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We analysed the laminar distribution of transmembrane currents from embryonic (E) day 17 until adulthood after selective thalamic stimulation in slices of rat forebrain to study the development of functional thalamocortical and cortico-cortical connections. At E18 to birth a short-latency current sink was observed in the subplate and layer 6, which was decreased, but not fully abolished in a cobalt containing solution or after the application of glutamate receptor blockers (APV and DNQX). This indicated that embryonic thalamic axons were capable of conducting action potentials to the cortex and some of them had already formed functional synapses there. Between birth and P3, when thalamic axons were completing their upward growth, a sink gradually appeared more superficially in the dense cortical plate and synchronously, a current source aroused in layer 5. Both sinks and sources completely disappeared after blocking synaptic transmission. The adult-like distribution of CSDs became apparent after P7. The component in layer 6 cannot be blocked completely after this age suggesting antidromic activation. This study demonstrated that cells of the lowest layers of the cortex received functional thalamic input before birth and that thalamocortical axons formed synapses with more superficial cells as they grew into the cortical plate.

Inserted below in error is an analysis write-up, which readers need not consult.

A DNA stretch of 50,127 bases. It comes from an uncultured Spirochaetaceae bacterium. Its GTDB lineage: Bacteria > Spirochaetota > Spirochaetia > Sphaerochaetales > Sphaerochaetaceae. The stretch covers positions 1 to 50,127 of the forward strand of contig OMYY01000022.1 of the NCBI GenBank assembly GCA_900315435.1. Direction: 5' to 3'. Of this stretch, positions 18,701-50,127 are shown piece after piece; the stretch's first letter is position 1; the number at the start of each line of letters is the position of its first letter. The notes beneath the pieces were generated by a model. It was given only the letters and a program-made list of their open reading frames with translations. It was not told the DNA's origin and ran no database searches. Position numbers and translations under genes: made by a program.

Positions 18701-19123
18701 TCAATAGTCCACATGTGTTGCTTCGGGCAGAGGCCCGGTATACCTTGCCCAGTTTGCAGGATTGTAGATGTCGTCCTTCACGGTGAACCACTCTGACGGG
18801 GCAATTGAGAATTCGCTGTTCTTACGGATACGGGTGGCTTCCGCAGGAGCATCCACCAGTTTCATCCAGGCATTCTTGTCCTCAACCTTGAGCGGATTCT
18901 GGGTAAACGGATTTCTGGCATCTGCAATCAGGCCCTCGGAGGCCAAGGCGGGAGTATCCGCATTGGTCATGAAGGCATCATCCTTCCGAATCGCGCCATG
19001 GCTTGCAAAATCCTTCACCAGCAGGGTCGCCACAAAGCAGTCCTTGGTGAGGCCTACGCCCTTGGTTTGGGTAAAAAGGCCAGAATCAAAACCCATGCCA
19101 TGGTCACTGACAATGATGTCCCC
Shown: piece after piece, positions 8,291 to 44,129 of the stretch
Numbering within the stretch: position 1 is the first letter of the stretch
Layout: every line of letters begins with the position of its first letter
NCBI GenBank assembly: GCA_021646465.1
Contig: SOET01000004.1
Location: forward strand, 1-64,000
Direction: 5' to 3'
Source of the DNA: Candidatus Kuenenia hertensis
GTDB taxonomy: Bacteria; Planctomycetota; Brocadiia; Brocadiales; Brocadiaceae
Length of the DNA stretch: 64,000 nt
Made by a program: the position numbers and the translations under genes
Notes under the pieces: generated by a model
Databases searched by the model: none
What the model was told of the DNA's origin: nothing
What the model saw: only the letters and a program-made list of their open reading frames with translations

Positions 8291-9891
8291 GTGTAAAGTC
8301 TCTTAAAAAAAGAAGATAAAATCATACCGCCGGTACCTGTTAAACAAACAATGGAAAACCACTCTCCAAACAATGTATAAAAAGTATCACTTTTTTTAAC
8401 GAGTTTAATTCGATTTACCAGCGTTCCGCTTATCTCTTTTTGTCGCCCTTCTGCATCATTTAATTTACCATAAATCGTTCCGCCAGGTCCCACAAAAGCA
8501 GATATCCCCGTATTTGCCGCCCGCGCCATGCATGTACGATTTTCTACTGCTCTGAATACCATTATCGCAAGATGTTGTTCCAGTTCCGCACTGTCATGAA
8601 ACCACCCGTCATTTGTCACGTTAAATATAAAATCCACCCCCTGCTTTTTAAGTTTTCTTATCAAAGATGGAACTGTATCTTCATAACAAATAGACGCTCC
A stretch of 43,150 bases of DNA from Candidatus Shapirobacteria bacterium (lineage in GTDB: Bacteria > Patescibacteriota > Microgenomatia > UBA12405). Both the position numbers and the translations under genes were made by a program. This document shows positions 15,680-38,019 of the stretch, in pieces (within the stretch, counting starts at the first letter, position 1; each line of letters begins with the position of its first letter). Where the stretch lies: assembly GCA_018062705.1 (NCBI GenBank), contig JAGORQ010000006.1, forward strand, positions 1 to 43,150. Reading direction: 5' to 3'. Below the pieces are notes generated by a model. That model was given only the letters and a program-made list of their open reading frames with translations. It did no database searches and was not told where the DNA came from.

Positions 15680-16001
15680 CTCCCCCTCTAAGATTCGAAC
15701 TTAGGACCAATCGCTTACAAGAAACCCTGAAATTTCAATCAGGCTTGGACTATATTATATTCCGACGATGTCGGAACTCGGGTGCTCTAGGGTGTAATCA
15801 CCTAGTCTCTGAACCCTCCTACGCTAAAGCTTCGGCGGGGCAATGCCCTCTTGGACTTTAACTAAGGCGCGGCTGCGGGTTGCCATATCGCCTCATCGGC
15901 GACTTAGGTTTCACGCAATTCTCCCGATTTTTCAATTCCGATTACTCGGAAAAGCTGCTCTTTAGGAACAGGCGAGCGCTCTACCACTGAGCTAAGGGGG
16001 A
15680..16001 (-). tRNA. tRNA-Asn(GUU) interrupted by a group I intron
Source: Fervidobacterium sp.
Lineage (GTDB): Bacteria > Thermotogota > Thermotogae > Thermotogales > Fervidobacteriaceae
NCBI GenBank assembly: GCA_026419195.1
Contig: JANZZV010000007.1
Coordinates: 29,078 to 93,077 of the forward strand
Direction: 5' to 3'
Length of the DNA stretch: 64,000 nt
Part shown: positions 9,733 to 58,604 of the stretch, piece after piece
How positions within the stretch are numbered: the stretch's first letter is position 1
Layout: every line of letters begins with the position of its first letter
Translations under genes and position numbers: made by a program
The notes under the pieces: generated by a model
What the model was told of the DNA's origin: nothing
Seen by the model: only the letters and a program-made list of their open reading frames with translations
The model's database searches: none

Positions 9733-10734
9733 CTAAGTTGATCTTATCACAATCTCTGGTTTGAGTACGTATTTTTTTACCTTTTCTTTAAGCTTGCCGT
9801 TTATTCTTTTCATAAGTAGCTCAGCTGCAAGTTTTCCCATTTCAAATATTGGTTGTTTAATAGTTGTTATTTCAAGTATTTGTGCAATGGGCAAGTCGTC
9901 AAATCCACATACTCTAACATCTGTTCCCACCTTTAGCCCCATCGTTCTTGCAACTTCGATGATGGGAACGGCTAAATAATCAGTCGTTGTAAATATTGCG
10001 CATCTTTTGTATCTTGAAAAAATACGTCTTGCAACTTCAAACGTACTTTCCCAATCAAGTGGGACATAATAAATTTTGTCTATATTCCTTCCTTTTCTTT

Original publication




Journal article


Brain Res Bull

Publication Date





355 - 371


Animals, Cerebral Cortex, Electric Stimulation, Female, Pregnancy, Prosencephalon, Rats, Rats, Sprague-Dawley, Synapses, Synaptic Transmission, Thalamus